Apple Vision Pro Pulse Width Modulation health concerns


Inside of Apple Vision Pro



The Apple Vision Pro uses a common technology that is at the core of some of the health warnings about the device. Here’s what that technology is, why it’s crucial to the headset, and why it may cause problems for some users.

An obvious potential health issue with Apple Vision Pro is motion sickness. Apple has paired a lot of technology together to help minimize that. There is a rarer and more severe potential health issue associated with the headset, though.

In short, the Apple Vision Pro is constantly flashing the user. It’s not as obvious as a strobe light at a rave or party, but it is happening constantly.

And, some people are susceptible to potentially serious health issues from those strobing lights.

Video game publishers have warned about this kind of thing for some time, and the concept has been used by trolls to attack people with epilepsy. But, the Apple Vision Pro isn’t a screen at a distance, and it is literally strapped to a user’s face with little or no outside light getting in to help blunt the impact of that strobing.

Here’s why that all matters, and who it matters to.

Health issues from strobing lights, and who is affected

We are not medical doctors here at AppleInsider, but this author had a child that was profoundly epileptic, and we did talk to neurologists before writing this article. We’re comfortable writing this article given this mix of practical experience and professional consultation.

There are three main types of health impacts from strobing lights — flicker vertigo, photosensitive epilepsy, and general photosensitivity.

Flicker Vertigo happens at refresh rates between 1Hz and 20Hz, and can cause disorientation, nausea, and rapid eye movement.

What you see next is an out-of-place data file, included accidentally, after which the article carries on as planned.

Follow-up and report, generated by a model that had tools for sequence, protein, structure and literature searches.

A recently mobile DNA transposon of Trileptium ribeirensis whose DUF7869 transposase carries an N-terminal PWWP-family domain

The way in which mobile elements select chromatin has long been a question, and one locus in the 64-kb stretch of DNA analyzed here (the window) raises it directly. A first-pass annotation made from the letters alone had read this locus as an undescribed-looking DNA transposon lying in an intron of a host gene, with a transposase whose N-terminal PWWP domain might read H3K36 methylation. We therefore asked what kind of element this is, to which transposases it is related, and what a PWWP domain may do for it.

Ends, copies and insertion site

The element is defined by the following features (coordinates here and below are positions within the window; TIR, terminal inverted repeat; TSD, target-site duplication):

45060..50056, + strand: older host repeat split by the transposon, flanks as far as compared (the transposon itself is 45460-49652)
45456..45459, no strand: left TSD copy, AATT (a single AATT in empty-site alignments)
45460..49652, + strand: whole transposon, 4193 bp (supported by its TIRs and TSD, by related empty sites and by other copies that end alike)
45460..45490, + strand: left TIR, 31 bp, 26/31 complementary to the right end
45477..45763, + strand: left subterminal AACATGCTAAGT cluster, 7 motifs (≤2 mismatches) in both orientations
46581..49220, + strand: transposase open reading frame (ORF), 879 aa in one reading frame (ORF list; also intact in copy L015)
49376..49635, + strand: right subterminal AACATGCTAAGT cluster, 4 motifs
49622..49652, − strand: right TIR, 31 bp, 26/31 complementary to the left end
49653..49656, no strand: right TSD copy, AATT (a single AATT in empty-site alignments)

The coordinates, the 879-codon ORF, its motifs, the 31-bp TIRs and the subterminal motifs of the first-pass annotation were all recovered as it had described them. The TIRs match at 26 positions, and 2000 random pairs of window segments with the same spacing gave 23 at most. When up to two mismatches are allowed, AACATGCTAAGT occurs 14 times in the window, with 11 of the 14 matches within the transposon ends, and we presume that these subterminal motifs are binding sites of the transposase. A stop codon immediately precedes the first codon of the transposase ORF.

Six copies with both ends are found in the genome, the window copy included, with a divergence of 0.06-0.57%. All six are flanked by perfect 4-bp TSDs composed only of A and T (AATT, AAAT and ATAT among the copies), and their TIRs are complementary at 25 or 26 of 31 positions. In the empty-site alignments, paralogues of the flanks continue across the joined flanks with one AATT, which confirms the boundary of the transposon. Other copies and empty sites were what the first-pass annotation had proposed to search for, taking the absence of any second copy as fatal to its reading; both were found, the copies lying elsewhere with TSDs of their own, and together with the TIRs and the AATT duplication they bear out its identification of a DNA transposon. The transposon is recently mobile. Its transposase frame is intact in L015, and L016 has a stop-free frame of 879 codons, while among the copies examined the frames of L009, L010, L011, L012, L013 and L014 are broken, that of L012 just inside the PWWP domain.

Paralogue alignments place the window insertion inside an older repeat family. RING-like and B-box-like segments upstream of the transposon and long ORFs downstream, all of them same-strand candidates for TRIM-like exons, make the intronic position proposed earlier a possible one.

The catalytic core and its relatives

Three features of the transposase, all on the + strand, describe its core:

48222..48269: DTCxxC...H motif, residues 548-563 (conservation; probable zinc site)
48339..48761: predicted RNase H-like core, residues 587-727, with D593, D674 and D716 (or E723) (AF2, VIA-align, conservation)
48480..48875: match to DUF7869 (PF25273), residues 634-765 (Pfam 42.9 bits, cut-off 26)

It was first spotted in early helicopters, watching the sun strobe through a rotating helicopter blade. It is less common on the road, but still can be seen by the driver and passengers as the sun filters through trees as a car drives through a lightly wooded area.

Flicker Vertigo is common, but fortunately the symptoms vanish when the strobing stops. It is not incredibly relevant to Apple Vision Pro owners, unless they are hit with maliciously crafted content — which as we’ve mentioned happens from time to time.

Photosensitive epilepsy is far less common, but far more dangerous. While sensitivities vary, any strobing can induce a seizure in folks with photosensitive epilepsy, and the individual circumstances and severity of the seizure can vary, person to person.

And, it is possible for somebody to not have any other outward signs of epilepsy, and still be susceptible to specific photosensitive triggers that they previously weren’t aware of.

Other health conditions can be aggravated by strobing light. A very high percentage of traumatic brain injury sufferers report photosensitivity, as do people with migraines, frequent tension headaches, or cluster headaches. If you’ve ever been told you have photophobia, the Apple Vision Pro also is probably not for you.

Sensitivity to strobing lights is also aggravated by fatigue of any sort, diet, time of exposure to the strobing and a host of other situations. If you’re well-rested, you may not be sensitive to strobing lights.

If you’ve skipped a meal, had the headset on watching all of the Marvel movies on Disney+, and didn’t get any sleep the previous night, that’s about the worst-case scenario.